We ended up submitting a day late, with a product that didn’t work. The inter-team conflict was incredibly stressful at an already stressful time. My friend and I worked ourselves to illness - we both caught flu the following week, and we were incredibly stressed. I was completely drained afterwards. It was probably the last piece of serious work I did for months.

Void

I spent the next five months hardly able to get out of bed. I didn’t go to lectures. I didn’t visit my friends. I didn’t work on projects. I didn’t cook for myself. I frequently didn’t even have the willpower to clean my clothes.

My routine consisted of waking up in the evening, trying to do something - anything - to occupy my mind, ordering pizza, and sleeping again at 6AM.

I was in incredible pain and I couldn’t see any way to escape from it.

I couldn’t see the future being bright at all.

It was almost as if those months didn’t happen for me.

Recovery

Eventually, I felt like I was beginning to recover.

I started writing a short list of small things I wanted to do every day. These could be simple things like washing my clothes, reading outside in the sun, or going to the gym.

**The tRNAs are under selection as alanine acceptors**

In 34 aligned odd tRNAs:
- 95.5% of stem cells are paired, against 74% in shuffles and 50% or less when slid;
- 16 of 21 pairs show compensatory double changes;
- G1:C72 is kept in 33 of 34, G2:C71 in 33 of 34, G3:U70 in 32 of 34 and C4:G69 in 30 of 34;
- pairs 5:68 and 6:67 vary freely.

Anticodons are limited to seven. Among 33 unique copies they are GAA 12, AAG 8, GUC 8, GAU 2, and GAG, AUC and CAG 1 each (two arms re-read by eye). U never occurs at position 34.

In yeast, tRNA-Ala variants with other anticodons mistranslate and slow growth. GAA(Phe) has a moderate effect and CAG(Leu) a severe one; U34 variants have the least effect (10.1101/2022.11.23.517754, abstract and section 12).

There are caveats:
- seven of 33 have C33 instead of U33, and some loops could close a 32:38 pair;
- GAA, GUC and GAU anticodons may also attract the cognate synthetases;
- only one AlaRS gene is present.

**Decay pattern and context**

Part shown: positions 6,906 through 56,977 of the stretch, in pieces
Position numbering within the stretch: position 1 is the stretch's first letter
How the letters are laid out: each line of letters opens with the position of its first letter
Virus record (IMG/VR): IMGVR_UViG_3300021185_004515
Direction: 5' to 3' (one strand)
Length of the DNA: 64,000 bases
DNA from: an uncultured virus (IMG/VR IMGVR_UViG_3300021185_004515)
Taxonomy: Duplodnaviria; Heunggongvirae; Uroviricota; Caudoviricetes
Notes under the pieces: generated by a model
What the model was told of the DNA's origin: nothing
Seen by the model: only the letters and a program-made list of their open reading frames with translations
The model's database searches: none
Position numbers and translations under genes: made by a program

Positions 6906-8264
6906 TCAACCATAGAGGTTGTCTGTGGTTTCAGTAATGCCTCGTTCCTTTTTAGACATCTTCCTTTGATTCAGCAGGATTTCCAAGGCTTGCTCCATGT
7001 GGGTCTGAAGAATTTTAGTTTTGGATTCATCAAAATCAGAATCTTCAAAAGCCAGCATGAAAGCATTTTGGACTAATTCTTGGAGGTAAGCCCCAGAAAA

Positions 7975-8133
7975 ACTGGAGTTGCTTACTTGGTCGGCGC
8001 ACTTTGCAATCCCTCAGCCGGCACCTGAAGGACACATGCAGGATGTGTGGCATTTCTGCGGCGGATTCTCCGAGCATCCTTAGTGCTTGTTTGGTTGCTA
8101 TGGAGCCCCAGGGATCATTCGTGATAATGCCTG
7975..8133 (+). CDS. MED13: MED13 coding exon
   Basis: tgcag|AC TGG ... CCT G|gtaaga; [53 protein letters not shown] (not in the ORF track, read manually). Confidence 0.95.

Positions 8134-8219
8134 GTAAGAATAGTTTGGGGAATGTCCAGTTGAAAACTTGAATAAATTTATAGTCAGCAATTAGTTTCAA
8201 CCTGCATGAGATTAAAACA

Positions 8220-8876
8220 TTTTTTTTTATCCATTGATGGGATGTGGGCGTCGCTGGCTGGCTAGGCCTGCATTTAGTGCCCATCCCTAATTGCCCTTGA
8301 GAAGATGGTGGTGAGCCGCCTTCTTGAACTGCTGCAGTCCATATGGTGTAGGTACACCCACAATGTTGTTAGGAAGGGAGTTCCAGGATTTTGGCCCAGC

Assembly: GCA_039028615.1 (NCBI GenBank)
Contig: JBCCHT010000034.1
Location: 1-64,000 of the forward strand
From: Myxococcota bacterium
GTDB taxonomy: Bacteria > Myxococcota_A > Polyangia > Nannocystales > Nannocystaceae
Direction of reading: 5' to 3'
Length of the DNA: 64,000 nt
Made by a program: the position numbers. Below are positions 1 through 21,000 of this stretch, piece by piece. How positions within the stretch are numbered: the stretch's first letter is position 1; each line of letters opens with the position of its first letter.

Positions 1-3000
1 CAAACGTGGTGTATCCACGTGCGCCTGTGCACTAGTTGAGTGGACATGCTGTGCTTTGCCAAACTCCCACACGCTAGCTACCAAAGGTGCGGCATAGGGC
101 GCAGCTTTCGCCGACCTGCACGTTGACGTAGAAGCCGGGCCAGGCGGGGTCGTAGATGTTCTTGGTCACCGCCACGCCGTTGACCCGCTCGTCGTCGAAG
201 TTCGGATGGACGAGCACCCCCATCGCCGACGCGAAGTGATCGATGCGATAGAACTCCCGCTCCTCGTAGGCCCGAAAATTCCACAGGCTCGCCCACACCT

By writing these things down, I had given myself an obligation to try to keep.

This ended up being a positive feedback loop - I became more and more comfortable doing my daily activities, which meant I did more of them and became more comfortable.

Changing anti-depressants from Sertraline to Vensir proved helpful to me too.

The most positive change for me was moving out of my dorm and into a private house shared with two of my best friends. I was finally comfortable to be myself at all times as I knew there would be no judgement. Having people to interact with at all times was really great, and knowing that they wouldn’t let me slip back into my previous routine ensured that I kept making progress.

Viewing the last sunset of spring with my best friend Viewing the last sunset of spring with my best friend

Now

For the past month I have been trying to go to the gym everyday.